Amid rising cases, authorities around the world are imposing or considering curbs on travellers from China. As per the authorities, a lack of information from China on variants is a matter of concern. China has rejected criticism of its COVID data and said it expects future mutations to be potentially more transmissible but less severe. Here’s a list of regulations that each country has been asked to follow. Take a look:
The United States will impose mandatory COVID-19 tests on travellers from China beginning on January 5. All air passengers aged two and older will require a negative result from a test no more than two days before departure from China, Hong Kong or Macau. The Centers for Disease Control and Prevention also said U.S. citizens should also reconsider travel to China, Hong Kong and Macau.
The country has mandated a COVID-19 negative test report for travellers arriving from China, Hong Kong, Japan, South Korea and Thailand, the health minister said. Passengers from those countries will be quarantined if they show symptoms or test positive.
Japan will require a negative COVID-19 test upon arrival for travellers from mainland China. Those who test positive will be required to quarantine for seven days. New border measures for China will go into effect at midnight on Dec. 30. The government will also limit requests from airlines to increase flights to China.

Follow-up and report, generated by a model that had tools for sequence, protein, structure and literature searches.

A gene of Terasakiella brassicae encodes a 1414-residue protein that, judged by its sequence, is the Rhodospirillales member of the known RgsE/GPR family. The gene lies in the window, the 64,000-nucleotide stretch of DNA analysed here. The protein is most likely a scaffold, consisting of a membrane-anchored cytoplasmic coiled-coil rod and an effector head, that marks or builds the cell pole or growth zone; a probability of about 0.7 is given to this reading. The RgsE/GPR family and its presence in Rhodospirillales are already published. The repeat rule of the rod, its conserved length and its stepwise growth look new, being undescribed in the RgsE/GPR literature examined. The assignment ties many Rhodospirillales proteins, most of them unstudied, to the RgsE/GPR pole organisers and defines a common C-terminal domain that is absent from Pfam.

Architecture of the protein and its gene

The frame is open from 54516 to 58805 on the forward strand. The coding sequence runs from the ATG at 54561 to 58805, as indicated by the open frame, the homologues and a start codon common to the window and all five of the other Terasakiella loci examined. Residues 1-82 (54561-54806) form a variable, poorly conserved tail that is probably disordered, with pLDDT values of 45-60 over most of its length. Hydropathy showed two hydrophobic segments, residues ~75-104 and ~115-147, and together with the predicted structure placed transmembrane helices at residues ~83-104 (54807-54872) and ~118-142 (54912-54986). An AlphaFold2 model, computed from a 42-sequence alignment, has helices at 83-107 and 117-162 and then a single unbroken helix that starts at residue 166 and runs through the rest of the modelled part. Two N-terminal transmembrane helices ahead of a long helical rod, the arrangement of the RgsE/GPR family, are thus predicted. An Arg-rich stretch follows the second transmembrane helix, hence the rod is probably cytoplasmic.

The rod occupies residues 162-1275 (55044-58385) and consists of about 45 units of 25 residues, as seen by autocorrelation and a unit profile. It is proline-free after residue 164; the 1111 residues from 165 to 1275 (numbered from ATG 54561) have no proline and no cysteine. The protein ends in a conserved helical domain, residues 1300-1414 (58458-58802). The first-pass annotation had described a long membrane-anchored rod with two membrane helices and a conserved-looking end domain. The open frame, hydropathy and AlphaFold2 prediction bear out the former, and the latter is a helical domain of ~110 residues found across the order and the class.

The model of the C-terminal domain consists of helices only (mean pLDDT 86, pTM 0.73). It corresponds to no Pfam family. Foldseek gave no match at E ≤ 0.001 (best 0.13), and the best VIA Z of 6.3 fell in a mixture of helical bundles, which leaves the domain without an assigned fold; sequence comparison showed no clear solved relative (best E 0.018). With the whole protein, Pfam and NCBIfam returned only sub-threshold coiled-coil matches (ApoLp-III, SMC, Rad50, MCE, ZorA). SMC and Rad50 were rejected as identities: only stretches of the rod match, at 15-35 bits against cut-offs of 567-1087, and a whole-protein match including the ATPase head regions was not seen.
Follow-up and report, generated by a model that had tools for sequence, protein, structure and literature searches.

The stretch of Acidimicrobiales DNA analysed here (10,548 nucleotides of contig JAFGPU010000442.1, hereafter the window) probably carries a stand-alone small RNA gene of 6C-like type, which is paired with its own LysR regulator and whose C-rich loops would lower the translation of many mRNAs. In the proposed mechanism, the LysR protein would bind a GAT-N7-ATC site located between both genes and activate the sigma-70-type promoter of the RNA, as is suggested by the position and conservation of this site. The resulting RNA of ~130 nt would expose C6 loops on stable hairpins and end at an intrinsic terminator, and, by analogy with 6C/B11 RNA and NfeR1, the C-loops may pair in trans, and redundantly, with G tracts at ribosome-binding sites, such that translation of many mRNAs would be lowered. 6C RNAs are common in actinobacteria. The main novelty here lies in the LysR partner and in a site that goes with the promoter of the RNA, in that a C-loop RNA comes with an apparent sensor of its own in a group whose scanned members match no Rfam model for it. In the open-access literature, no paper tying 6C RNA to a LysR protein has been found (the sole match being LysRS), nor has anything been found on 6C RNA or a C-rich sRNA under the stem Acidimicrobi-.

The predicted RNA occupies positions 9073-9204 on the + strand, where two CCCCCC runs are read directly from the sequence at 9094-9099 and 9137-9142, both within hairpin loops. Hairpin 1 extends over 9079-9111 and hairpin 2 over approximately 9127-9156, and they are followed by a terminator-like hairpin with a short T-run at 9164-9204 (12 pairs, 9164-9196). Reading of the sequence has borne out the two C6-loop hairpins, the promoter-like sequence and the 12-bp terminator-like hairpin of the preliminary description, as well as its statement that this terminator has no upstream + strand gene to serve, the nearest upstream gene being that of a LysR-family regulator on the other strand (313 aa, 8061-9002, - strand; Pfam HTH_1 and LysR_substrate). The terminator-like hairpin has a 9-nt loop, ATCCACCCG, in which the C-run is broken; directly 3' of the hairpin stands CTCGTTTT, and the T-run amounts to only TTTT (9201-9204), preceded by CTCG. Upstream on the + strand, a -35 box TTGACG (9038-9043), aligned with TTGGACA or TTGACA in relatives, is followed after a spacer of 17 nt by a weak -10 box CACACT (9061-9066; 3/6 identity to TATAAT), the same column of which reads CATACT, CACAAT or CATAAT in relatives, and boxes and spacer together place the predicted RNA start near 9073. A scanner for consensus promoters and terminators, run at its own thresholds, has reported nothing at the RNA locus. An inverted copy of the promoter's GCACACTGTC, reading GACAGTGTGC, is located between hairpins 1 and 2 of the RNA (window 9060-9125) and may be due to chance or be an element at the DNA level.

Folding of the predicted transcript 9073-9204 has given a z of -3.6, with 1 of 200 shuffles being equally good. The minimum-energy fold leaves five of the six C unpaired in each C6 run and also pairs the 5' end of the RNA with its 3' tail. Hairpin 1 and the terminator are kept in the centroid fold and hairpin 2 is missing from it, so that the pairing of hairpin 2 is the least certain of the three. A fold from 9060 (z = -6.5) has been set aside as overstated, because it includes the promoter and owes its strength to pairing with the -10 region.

Italy has ordered COVID-19 antigen swabs and virus sequencing for all travellers from China. Milan’s main airport, Malpensa, had already started testing passengers arriving from Beijing and Shanghai. “The measure is essential to ensure surveillance and detection of possible variants of the virus in order to protect the Italian population,” Health Minister Orazio Schillaci said.
Spain will require a negative COVID-19 test or a full course of vaccination against the disease upon arrival for travellers from China, the country’s Health Minister Carolina Darias said.
Malaysia will screen all inbound travellers for fever and test wastewater from aircraft arriving from China for COVID-19, Minister Zaliha Mustafa said in a statement.
Taiwan’s Central Epidemic Command Centre said all passengers on direct flights from China, as well as by boat at two offshore islands, will have to take PCR tests upon arrival, starting on Jan. 1.
South Korea will require travellers from China to provide negative COVID test results before departure, South Korea’s News1 news agency reported on Friday, after Beijing’s decision to lift stringent zero-COVID policies.
PLACES MONITORING SITUATION
Prime Minister Anthony Albanese said Australia was monitoring the situation in respect of China “as we continue to monitor the impact of COVID here in Australia as well as around the world.”
The Southeast Asian country is being “very cautious” and could impose measures such as testing requirements on visitors from China, but not an outright ban, Transportation Secretary Jaime Bautista said.
Britain is reviewing whether to impose restrictions on people arriving from China, but has no plans to do so, officials said. Defence minister Ben Wallace said an update was possible in the coming days, but another minister said that a review of evidence so far did not suggest any concerning new variant that would lead the government to impose restrictions.